Victoria’s Martyrs: Modern Lives and Ancient Forms, 1840-1918
Visions of antiquity were central to the Victorians’ image of their own modernity. Ever since Gibbon’s Decline and Fall – a work which haunts all Victorian writing about past empires – the contested records of Roman martyrdom were a key point of divergence between providential and secular accounts of antiquity. For Thomas Carlyle, ‘Hero Worship’ was ‘the germ of Christianity itself’. But although the lives of exemplary men and women were a staple of nineteenth-century print culture, Christian hagiography was a problematic and contested genre. Saints’ lives were enthusiastically adopted by the Oxford movement as evidence for the Catholic continuity of the Church of England, yet for many Protestants such texts were theologically unsound accretions, fictive distractions from the divinely inspired text of scripture. In a society obsessed with chronology and progress, this ancient form still had the power to absorb the linear and contingent events of history into a recurring and circular model of devotional time. My project examines the persistence of martyrology as a genre – in historical novels, sermons, hymns, travel writing, painting and stained glass – by examining both Victorian representations of ancient martyrdom and the recapitulation of these tropes in accounts of modern martyrs.
Articles and Book Chapters
‘H.M. Stanley, David Livingstone, and the Staging of “Anglo-Saxon” Manliness’, Scottish Geographical Journal, 129.3 (2013).
‘Primitive Man and Media Time in H. M. Stanley’s Through the Dark Continent’ in Victorian Time: Technologies, Standardizations, Catastrophes, ed. by Trish Ferguson (Basingstoke: Palgrave, 2013).
‘“Mere shadows in the water”: Travel Writing, Fresco, and Form in Dickens’s Pictures from Italy’, English, 61.235 (2012).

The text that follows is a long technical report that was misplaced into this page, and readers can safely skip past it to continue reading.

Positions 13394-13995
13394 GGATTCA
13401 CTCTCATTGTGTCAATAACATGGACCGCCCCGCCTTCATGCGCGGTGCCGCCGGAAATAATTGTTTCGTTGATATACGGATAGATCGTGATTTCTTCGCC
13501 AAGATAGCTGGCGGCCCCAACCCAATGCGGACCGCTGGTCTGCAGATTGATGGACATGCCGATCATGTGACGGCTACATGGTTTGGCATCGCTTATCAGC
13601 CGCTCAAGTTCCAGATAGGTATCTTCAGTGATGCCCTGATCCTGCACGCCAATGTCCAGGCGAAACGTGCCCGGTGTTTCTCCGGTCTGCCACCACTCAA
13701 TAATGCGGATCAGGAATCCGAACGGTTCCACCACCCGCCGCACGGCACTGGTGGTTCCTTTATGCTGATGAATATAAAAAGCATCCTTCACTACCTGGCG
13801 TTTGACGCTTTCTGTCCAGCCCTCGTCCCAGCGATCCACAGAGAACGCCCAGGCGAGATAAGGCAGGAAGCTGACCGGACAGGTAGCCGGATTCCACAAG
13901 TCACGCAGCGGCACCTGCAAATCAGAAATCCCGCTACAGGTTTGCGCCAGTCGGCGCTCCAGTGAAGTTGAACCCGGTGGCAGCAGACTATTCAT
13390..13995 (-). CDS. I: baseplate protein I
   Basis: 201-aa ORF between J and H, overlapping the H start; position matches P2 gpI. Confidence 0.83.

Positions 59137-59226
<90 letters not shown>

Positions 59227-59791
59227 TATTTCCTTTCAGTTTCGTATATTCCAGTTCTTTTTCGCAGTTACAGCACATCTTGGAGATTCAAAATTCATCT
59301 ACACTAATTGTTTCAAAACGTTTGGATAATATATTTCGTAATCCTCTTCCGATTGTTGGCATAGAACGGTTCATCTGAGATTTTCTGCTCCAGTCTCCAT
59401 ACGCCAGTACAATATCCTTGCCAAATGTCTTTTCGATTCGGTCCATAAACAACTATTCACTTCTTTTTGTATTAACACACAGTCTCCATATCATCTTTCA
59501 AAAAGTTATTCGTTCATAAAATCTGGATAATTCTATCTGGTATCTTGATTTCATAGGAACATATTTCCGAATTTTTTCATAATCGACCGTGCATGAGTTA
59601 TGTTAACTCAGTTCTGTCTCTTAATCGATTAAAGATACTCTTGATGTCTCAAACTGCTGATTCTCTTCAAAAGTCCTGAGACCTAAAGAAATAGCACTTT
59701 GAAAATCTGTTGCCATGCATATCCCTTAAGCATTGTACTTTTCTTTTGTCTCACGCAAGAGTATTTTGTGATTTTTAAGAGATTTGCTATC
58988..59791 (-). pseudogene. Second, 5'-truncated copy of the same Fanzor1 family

‘“Lay in Egypt’s lap each borrowed crown”: Gerald Massey and Late-Victorian Afrocentrism’ in African Athena: New Agendas, ed. by Daniel Orrells, Gurminder Bhambra and Tessa Roynon (Oxford: Oxford University Press, 2011).
[with Clare Pettitt], H. M. Stanley, In Darkest Africa (Toronto: Broadview, forthcoming 2014).
Dane Kennedy, The Last Blank Spaces: Exploring Africa and Australia (Cambridge: Harvard UP, 2013). In TLS (forthcoming 2013)
Tim Jeal, Explorers of the Nile (London: Faber, 2011). In Victorian Studies, 55.2 (2013).
Robbie McLaughlan, Re-Imagining the ‘Dark Continent’ in Fin de Siècle Literature (Edinburgh: Edinburgh University Press, 2012). In TLS, 5736 (2013).
Adrian Wisnicki (ed.), The David Livingstone Spectral Imaging Project (UCLA and Livingstone online, 2012). In Journal of Victorian Culture, 17.4 (2012)
Tim Jeal, Stanley: The Impossible Life of Africa’s Greatest Explorer (London: Faber, 2007). In Oxonian Review of Books, 6.3 (2007).
Brian Murray is a Bible and Antiquity Postdoctoral Research Fellow at CRASSH.
Before joining CRASSH, I was Teaching Fellow in Victorian Literature at King’s College London and facilitator of the Leverhulme-funded research network Commodities and Culture in the Colonial World, 1851-1914. I completed my PhD on Henry Morton Stanley and the literature of African exploration at King’s College London in 2011, having previously studied at Oxford and Trinity College Dublin. I have recently published articles on temporality and technology in Victorian exploration narratives, Dickens’s travel writing and Victorian Afrocentrism and I am currently editing a new edition of Stanley’s In Darkest Africa (1890) for Broadview Press.